I know there\’s a joke in here somewhere

But I can\’t quite find it.

Women master cookery at the age of 55: survey
Women only become perfect cooks when they hit the age of 55, according to a new survey.

Attempts in the comments please.

15 thoughts on “I know there\’s a joke in here somewhere”

  1. So Much For Subtlety

    No I can’t work one out either.

    But I am more concerned about the idiocy of the argument. A 55 year old woman was born around 1960 – ie the last generation that was routinely taught to cook. Age may have nothing to do with it. Generation might.

    Even if it doesn’t they are not following women over the course of their lives. They are not even independently testing their food. They are asking them their opinion. May be the menapause makes the women all delusional. They don’t know. It is just bad social science.

  2. So Much For Subtlety

    Alan Douglas – “Displacement activity”

    You could be on to something. I had my dog neutered. He got fat.

    3JamesV – “The 1960 generation was not taught to cook, it was taught to heat food through.”

    Yeah. I went out with one of those. But I stand by my statement. It was the children of the 60s who rejected that and made sure their children did not cook. It was the slightly older ones who rejected it for themselves. But those about 55 now? They would have had lessons – and better still, Mothers who cooked.

  3. My mother (born in 1939) was not an especially good cook when I was a small child, but as I got older she became a wonderfully good cook. I think it was about practice, and also about the fact that she was open to the influence of many different foreign cuisines which came along in that period.

    Oddly enough, my brother and I are both good cooks but my sister would have trouble boiling an egg. I am not quite sure how that happened.

  4. I’ve never been able to understand why women need to drive, as there’s no road between the kitchen and the bedroom.

  5. Presumably they go on to perfect parking….

    It did remind me of some sage advice I received as a callow youth from the old stager in the office.

    “Bedroom athletics are all very well, lad” he said, “But eventually, like all men, you’ll come to realise what you really look for from a woman is a decent meat pudding.”

    I took his advice very seriously & learned to cook.

  6. The joke you’re looking for Tim is “cooking lasts, kissing doesn’t”.

    Or in light of this evidence, not just lasts but improves!

  7. Pogo @5: An oxymoron if ever I saw one.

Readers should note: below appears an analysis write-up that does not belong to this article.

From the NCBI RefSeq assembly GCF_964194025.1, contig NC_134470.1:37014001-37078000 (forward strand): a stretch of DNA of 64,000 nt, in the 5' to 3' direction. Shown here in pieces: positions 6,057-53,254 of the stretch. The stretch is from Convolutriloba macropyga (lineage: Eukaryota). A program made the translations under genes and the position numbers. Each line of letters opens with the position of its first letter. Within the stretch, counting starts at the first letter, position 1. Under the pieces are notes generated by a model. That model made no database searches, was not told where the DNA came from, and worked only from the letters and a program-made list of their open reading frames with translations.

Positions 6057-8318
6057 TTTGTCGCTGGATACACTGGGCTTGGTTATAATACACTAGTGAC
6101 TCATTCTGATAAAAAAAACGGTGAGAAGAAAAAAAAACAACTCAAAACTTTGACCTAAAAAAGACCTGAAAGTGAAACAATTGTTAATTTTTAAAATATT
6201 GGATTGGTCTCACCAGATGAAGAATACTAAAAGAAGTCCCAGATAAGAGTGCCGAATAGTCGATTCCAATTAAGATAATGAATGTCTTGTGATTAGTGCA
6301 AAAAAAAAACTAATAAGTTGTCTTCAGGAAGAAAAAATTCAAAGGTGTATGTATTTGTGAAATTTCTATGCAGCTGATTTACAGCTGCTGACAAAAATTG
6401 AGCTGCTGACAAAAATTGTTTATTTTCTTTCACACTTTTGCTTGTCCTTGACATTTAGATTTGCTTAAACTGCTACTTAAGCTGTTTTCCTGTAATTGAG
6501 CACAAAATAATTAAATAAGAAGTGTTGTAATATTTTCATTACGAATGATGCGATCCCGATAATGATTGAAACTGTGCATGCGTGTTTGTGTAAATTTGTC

That would be a tautology. “Good social science” is an oxymoron, or even just “social science”.

  8. It is, as always, ridiculous to categorise all people as being the same. My sisters, mother, grandmother, great-grandmother would find being equated with Nigella Lawson nearly as (in some cases more) offensive than I should at being equated with her fat father.
    A couple of weeks ago I made our Christmas puddings using my great-grandmother’s recipe forwarded to me by my big sister (who must own the copyright) : the footnote says “this recipe is from some date before 1884” i.e when she was in her twenties. I was a better cook in my thirties than when I was at 55 (as I’m not a woman this doesn’t actually disprove the headline but my mother was no better at 55 than 40..)
    I suspect that the “perfect at 55” theme is the response of grandchildren who only get granny’s cooking on special occasions.

  9. So Much for Subtlety

    Ltw – “The joke you’re looking for Tim is “cooking lasts, kissing doesn’t”.”

    That’s a joke? Surely that just sage advice. Unlike “steal the cheese”. I never got that. Surely you have time to steal the cheese afterwards.

    The results are self-reported. That alone means they are worthless. It may just mean husbands have forgotten what their mothers’ cooking tasted like. Or they have resigned themselves to it. All of which could produce a false sense of confidence.

  10. @ SMFS
    Not worthless: just that you cannot assume they are representative on a 1:1 basis.
    Anecdata *is* data even though it is not the decennial census.

  11. Has anyone read “the talent myth”? Basically it argues there is no such thing as talent only practise. It take 5000 hours of practice to become proficient at something and 10,000 hours to master a technique. So assuming a 55 year old woman started cooking regularly at the age of 20 and cooks for 1 hour 5 days per week (which is a pretty low time but hey its plucking a number out of the air), by the age of 55 they wil have done about 9000 hours of cooking, right on the target for mastery of the technique.

    Of course you can master it much more quickly by doing it full time, so 40 hours per week gets you to 10,000 hours in about 5 years, which is about the time it takes an apprentice t complete his or her training.

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